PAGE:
When planning your finances it is important that you understand the similarities and differences between saving and investing your money. It can be argued that both the practices complement each other, with savings being used as a means for investment in most cases.
Savings are generally considered to be money and other assets which have been kept for a long period of time, without the risk of individuals making a profit or a loss.
Essentially, when you save money, your capital is secure. Examples include savings accounts, checking accounts and certificates of deposit.
Savings tend to be used by individuals to fulfill short-term needs and with the guarantee of secure and accessible money are popular methods of controlling finances. However, the returns that individuals will see from their savings are likely to be minimal.
According to the most recent Office for National Statistics figures, people in the UK are currently saving less now than in 1970. The household saving ratio in the UK in 2008 was 1.7 per cent of total resources.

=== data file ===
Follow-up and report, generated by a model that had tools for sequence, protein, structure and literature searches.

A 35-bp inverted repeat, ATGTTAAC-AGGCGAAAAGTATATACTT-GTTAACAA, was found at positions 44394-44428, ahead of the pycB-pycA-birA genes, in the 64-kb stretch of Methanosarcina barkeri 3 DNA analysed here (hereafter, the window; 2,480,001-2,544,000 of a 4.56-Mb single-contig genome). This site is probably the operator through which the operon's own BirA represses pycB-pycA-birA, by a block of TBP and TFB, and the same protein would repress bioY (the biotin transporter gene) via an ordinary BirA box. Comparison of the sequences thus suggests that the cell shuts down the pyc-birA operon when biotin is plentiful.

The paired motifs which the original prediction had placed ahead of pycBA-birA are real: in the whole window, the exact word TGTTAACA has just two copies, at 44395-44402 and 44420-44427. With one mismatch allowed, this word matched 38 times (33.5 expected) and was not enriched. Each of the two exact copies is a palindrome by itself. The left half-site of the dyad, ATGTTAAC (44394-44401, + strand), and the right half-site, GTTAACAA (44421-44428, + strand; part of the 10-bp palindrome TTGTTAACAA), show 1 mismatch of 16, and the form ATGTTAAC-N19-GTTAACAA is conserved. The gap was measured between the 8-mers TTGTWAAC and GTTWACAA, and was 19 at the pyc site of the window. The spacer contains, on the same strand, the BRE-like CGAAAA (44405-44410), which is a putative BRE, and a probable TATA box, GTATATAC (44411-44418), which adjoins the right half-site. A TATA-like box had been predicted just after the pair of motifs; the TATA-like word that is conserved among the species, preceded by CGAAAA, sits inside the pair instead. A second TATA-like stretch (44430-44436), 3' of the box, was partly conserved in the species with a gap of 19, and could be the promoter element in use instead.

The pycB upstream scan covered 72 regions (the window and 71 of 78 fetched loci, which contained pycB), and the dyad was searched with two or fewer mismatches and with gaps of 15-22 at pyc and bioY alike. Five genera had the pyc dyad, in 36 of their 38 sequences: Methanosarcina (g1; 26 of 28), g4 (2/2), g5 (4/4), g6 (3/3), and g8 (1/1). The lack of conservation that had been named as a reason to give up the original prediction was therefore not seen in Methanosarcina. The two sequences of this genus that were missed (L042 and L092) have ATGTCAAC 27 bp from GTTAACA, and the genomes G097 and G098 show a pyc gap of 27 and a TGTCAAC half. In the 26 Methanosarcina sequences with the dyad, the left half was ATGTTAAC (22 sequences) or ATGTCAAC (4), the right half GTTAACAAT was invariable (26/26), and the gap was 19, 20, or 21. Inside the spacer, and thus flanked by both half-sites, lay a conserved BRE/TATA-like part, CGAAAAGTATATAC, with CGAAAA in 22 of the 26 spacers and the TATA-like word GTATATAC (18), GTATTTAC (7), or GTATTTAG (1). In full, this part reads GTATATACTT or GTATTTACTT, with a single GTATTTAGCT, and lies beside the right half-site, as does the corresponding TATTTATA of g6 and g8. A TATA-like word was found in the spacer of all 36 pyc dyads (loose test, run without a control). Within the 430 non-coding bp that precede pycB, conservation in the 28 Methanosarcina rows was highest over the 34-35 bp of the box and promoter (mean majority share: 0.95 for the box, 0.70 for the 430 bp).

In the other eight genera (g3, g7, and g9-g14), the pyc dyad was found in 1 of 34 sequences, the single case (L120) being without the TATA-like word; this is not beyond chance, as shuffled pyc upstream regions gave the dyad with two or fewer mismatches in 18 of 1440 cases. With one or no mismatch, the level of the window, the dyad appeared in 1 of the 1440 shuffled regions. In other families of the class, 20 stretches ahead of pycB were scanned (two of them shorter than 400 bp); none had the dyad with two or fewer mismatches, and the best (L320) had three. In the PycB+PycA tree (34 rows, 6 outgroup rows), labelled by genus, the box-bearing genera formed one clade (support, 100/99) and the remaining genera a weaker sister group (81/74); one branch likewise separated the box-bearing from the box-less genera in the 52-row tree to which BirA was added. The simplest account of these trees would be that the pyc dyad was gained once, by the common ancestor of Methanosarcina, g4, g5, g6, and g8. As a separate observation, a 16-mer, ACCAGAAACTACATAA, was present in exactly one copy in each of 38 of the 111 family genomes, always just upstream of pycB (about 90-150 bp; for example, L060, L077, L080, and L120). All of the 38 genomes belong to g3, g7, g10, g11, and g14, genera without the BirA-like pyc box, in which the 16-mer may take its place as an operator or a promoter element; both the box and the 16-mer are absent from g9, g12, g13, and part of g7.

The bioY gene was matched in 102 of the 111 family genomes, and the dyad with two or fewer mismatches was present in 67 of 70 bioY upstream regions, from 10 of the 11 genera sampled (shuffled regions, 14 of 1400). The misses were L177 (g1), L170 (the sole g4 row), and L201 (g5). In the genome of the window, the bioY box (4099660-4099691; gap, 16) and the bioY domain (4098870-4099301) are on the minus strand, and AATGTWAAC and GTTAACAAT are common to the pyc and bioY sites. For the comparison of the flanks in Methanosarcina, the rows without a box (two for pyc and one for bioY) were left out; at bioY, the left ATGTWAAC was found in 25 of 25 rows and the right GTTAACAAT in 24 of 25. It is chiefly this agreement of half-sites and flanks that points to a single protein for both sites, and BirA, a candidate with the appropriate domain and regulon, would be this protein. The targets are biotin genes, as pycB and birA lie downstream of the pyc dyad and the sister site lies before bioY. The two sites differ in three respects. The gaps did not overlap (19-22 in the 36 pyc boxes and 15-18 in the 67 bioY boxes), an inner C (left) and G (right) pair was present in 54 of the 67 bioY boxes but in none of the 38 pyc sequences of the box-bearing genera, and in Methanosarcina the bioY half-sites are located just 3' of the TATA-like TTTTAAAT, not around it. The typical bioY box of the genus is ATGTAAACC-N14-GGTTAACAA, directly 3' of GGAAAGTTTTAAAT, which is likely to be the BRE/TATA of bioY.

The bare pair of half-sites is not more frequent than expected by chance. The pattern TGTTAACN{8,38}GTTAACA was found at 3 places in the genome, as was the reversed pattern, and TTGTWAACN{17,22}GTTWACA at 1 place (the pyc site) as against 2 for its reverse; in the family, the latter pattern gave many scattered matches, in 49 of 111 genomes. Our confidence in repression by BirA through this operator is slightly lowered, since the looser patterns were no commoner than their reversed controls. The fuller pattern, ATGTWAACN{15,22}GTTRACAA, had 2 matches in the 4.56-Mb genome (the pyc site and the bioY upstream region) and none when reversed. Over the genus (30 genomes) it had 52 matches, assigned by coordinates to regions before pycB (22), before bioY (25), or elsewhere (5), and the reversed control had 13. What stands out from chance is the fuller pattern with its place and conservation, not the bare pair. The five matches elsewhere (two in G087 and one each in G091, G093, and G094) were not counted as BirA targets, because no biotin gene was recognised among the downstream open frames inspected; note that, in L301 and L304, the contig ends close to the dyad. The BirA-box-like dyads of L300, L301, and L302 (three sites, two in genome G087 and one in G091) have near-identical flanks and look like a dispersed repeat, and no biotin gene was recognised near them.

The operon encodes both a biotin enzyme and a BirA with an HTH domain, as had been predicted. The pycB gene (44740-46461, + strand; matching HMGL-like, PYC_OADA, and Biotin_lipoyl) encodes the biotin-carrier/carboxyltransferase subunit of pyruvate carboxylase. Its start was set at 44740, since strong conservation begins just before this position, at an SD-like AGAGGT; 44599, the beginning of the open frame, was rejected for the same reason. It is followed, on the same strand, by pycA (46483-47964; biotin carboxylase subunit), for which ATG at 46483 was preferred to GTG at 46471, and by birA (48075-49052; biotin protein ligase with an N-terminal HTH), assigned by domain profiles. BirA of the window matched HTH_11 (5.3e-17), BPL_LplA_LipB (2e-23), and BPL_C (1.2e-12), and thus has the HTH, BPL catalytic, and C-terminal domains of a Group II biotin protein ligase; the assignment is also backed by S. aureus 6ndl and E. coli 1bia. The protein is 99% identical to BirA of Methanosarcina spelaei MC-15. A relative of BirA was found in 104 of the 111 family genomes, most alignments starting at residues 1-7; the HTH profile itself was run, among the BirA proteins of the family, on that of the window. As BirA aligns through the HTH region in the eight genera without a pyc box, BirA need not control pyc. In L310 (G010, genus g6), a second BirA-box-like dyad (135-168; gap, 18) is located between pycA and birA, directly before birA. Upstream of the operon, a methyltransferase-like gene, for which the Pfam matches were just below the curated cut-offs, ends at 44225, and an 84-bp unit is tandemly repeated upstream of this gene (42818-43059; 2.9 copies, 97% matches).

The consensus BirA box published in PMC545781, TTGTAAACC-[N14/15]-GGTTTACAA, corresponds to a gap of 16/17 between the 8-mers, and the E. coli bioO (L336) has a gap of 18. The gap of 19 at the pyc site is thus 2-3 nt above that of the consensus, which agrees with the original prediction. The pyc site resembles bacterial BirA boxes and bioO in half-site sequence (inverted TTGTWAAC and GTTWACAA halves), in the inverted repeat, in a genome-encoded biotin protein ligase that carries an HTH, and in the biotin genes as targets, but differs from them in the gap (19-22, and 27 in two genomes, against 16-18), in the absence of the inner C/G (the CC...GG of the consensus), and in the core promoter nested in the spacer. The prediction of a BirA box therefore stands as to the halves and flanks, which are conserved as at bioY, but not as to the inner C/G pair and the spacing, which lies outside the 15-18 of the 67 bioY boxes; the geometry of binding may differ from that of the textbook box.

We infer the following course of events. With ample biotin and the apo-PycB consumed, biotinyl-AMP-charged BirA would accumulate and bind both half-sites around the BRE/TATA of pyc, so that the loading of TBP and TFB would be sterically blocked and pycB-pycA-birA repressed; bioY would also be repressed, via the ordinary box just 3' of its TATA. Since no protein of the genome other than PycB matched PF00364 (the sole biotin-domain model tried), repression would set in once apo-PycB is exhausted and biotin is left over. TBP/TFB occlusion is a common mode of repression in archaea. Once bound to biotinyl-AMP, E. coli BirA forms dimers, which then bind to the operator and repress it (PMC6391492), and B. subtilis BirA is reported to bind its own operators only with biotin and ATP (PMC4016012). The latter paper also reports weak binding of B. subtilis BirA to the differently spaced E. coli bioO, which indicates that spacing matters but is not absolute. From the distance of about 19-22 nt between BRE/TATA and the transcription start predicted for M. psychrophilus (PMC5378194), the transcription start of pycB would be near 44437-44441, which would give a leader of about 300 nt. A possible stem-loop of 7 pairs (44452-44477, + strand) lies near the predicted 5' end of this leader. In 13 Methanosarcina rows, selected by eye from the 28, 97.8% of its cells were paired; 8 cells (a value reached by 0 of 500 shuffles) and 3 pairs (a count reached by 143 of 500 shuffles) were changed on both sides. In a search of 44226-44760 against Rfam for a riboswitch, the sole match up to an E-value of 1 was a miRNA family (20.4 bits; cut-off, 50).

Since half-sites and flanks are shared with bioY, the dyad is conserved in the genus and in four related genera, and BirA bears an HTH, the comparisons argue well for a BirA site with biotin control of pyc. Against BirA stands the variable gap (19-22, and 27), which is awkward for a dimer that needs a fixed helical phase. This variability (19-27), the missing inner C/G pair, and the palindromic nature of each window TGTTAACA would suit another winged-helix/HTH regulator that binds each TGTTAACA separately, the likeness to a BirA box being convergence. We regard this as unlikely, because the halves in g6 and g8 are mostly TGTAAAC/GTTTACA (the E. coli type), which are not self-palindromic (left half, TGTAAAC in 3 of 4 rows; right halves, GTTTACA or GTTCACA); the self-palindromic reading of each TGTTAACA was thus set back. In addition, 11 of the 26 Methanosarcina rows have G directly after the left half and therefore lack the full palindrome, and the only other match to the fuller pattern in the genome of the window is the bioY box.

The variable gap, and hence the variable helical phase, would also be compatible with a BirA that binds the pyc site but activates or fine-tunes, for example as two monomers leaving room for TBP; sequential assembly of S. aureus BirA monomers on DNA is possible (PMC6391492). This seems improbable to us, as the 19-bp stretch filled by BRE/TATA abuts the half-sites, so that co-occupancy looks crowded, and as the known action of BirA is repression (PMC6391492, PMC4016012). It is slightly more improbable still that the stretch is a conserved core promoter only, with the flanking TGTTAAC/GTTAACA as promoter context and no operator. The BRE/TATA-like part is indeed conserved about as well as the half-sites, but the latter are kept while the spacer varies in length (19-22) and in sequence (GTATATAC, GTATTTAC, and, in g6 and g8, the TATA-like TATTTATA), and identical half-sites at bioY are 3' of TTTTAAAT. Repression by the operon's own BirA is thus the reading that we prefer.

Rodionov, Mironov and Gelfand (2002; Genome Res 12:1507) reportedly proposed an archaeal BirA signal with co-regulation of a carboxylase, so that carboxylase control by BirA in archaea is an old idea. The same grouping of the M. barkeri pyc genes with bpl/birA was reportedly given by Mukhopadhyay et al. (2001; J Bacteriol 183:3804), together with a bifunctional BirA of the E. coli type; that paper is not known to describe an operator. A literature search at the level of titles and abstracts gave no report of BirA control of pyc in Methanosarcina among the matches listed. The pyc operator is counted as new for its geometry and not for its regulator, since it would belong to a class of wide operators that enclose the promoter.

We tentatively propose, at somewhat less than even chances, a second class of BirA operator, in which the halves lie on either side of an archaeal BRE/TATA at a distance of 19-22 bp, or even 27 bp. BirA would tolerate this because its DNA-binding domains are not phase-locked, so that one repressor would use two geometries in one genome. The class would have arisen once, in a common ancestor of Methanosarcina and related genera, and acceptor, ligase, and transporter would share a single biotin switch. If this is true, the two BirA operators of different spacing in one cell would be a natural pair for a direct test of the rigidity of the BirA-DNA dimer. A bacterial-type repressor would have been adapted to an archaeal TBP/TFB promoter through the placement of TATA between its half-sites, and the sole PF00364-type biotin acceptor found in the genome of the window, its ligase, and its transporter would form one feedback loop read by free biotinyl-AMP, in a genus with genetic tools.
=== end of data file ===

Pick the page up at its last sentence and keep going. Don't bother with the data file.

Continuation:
Investments are considered to be purchased with the aim of making some sort of monetary gain, whether as an income generator
, as a means of reducing costs or something that will appreciate in the future. Investments are generally thought to carry a higher risk than savings and normally involve the chance that individuals could suffer some sort of loss.
In an economic sense, an investment is the purchase of goods that are not consumed today but are used in the future to create wealth. In finance, an investment is a monetary asset purchased with the idea that the asset will provide income in the future or appreciate and be sold at a higher price.
Investing tends to be used for long-term capital growth and can be done through the purchase of real estate
, stocks or bonds, among others. Investing offers individuals the chance to benefit from large returns, but they come with the risk that if the object of investment fails money could be lost.
Saving can be a useful method of earning a small amount of money on top of a lump sum and faced with the mistakes that could be made from buying into or holding on to the wrong investments, it is an attractive option for many.
However, the potential gains that individuals can benefit from with carefully chosen investments
mean that the more risky option is a tempting choice.
- Wednesday 05 May 2010